Costa Rica breaks relations with Taiwan
( AP ) - President Oscar Arias announced Wednesday that Costa Rica has broken diplomatic ties with Taiwan and established relations with China, delivering a blow to the Asian island's fragile international standing.
Arias said Costa Rica needed to strengthen ties with China to attract foreign investment.
Taiwanese Foreign Minister James Huang quickly offered to resign to take responsibility for Costa Rica's switch, which left the Taiwan with relations with just two dozen nations.
Since splitting amid civil war in 1949, Taiwan and China have fought to win the diplomatic allegiance of countries around the world. China refuses to have diplomatic ties with nations that recognize Taiwan, which Beijing regards as a renegade province it plans to eventually unify with the mainland.
Central America in particular has been a bulwark of support for Taiwan, and Taiwan had expressed fears that if Costa Rica were to shift its recognition to Beijing, other nations such as Nicaragua and Panama could soon follow suit.
"We are looking to strengthen the commercial ties and attract investment," Arias said. " China is the most successful emerging economy in the world and soon it will be the second strongest economy in the world after the United States."
Arias said China is the Central American nation's No. 1 trading partner, buying more than $1 billion worth of Costa Rican exports last year.
China spends heavily to induce nations to change diplomatic allegiances, offering investment, loans and other incentives.
" Taiwan has been very generous and I thank it for the solidarity and co-operation it has shown for nearly 60 years, but I have taken this decision thinking of all the Costa Ricans," Arias said.
The change is just one more strike against Taiwan in its campaign for international legitimacy. During the late 1960s, it had full relations with 67 countries, including the United States. But the U.S. pulled it embassy out of the Taiwanese capital a decade later and today just 24 states recognize Taiwan.
The United States, Japan, Great Britain and dozens of others maintain quasi-official ties - part of a diplomatic sleight of hand to honor Beijing's condition that full diplomatic recognition be accorded to only one of the rivals.
However, Beijing resents even those connections. Its main concern is the United States, which remains Taiwan's most important foreign link, providing it weapons for its defense against a possible Chinese attack.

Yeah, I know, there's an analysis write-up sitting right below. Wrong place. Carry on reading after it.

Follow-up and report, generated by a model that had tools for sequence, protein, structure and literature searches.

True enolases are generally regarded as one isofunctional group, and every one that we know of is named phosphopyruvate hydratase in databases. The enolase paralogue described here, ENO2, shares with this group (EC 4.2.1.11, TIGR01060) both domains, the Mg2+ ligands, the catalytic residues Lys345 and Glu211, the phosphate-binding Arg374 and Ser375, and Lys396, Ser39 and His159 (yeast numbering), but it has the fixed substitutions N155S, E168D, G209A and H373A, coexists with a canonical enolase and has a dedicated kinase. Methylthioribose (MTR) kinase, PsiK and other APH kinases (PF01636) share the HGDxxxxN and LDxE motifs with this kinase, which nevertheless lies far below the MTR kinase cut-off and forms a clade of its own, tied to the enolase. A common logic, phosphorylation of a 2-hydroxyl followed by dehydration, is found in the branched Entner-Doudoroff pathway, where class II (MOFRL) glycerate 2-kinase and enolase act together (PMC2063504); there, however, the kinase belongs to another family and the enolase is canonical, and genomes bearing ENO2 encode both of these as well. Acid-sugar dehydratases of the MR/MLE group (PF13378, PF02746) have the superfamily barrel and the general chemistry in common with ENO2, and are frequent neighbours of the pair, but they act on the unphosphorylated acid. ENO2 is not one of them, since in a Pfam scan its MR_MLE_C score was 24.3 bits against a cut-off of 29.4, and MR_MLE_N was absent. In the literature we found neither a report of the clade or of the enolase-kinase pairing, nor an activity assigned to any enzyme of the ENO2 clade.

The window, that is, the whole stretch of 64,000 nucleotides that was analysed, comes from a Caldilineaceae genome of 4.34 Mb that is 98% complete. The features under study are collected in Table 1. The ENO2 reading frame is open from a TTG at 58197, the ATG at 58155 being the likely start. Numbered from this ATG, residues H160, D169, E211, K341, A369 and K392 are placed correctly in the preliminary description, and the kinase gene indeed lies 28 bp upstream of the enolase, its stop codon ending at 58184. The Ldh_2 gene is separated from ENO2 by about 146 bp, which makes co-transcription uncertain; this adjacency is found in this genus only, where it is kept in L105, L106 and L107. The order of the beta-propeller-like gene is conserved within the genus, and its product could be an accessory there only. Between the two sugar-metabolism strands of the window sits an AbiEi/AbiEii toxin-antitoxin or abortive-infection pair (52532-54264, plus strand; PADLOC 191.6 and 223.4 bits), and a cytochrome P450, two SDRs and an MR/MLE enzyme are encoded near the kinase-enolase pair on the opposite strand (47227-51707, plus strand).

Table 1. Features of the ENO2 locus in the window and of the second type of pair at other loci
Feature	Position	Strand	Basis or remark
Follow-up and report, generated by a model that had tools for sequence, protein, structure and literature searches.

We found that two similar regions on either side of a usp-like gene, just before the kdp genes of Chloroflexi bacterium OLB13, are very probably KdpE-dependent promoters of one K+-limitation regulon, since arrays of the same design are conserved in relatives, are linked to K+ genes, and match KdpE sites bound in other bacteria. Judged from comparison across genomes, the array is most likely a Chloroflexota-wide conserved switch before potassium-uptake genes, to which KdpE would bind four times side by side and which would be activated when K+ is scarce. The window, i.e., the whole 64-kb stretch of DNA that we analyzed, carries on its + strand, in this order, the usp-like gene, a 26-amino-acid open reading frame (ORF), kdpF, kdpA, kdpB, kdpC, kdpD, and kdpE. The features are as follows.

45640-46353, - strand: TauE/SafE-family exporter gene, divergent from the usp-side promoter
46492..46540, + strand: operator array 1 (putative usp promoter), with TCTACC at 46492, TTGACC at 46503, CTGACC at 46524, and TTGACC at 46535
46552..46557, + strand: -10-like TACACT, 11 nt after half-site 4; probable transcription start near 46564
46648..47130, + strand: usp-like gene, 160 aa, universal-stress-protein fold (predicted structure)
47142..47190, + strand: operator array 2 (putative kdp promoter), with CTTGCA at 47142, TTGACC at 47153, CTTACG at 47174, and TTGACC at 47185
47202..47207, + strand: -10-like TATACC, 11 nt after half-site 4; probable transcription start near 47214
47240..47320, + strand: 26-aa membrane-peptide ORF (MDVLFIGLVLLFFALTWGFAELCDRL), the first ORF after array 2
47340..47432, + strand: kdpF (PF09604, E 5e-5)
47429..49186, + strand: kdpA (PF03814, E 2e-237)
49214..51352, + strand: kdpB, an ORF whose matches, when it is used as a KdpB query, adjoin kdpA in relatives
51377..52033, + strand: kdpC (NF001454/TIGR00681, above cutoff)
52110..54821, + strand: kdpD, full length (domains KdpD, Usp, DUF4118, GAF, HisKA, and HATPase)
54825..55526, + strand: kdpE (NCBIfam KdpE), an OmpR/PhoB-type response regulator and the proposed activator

Taiwan President Chen Shui-bian has said that Taiwan could enjoy formal independence in his lifetime. This angered China, which has threatened to attack the island if it formalizes its de facto independence.
At a press briefing shortly after Costa Rica's announcement, Huang, Taiwan's foreign minister, offered to resign.
"I went to President Chen (Shui-bian) ... and asked to resign to take political responsibility," Huang told reporters. He did not say if his offer was accepted.
Huang said that he believed Costa Rica was an isolated case. But he acknowledged he had ordered Taiwanese embassies in Latin America to guard against possible Chinese inroads.
"I've asked our embassies to take extreme precautions against any further pressure by the Chinese communists," he said.
Taiwan has been concerned about a deterioration of its relations with Costa Rica since May 14, when the Latin American country voted at an international health conference against holding a discussion on proposed Taiwanese membership in the World Health Organization.
On May 25, Huang met with officials from Costa Rica and four other Latin American countries in Belize City in an effort to shore up Taiwan's diplomatic standing in the region.
Arias declined to comment on whether his decision could encourage other Central American nations to transfer their allegiance from Taipei to Beijing.
Analyst Andrew Yang of the Taipei-based Chinese Council of Advanced Policy Studies said the Costa Rican action would probably create a chain reaction among at least a number of Taiwan's remaining seven Latin American allies.
"This will have a significant impact on other countries, a kind of domino effect" he said. "Probably Nicaragua and Panama are next and then maybe Paraguay."
Salvadoran President Tony Saca said Wednesday that his nation was interested in establishing relations with China but did not want to sever ties with Taiwan.
" Taiwan is an independent country that has won its space and we will going maintaining relations with Taiwan. If China accepts this we will open relations with pleasure," Saca said.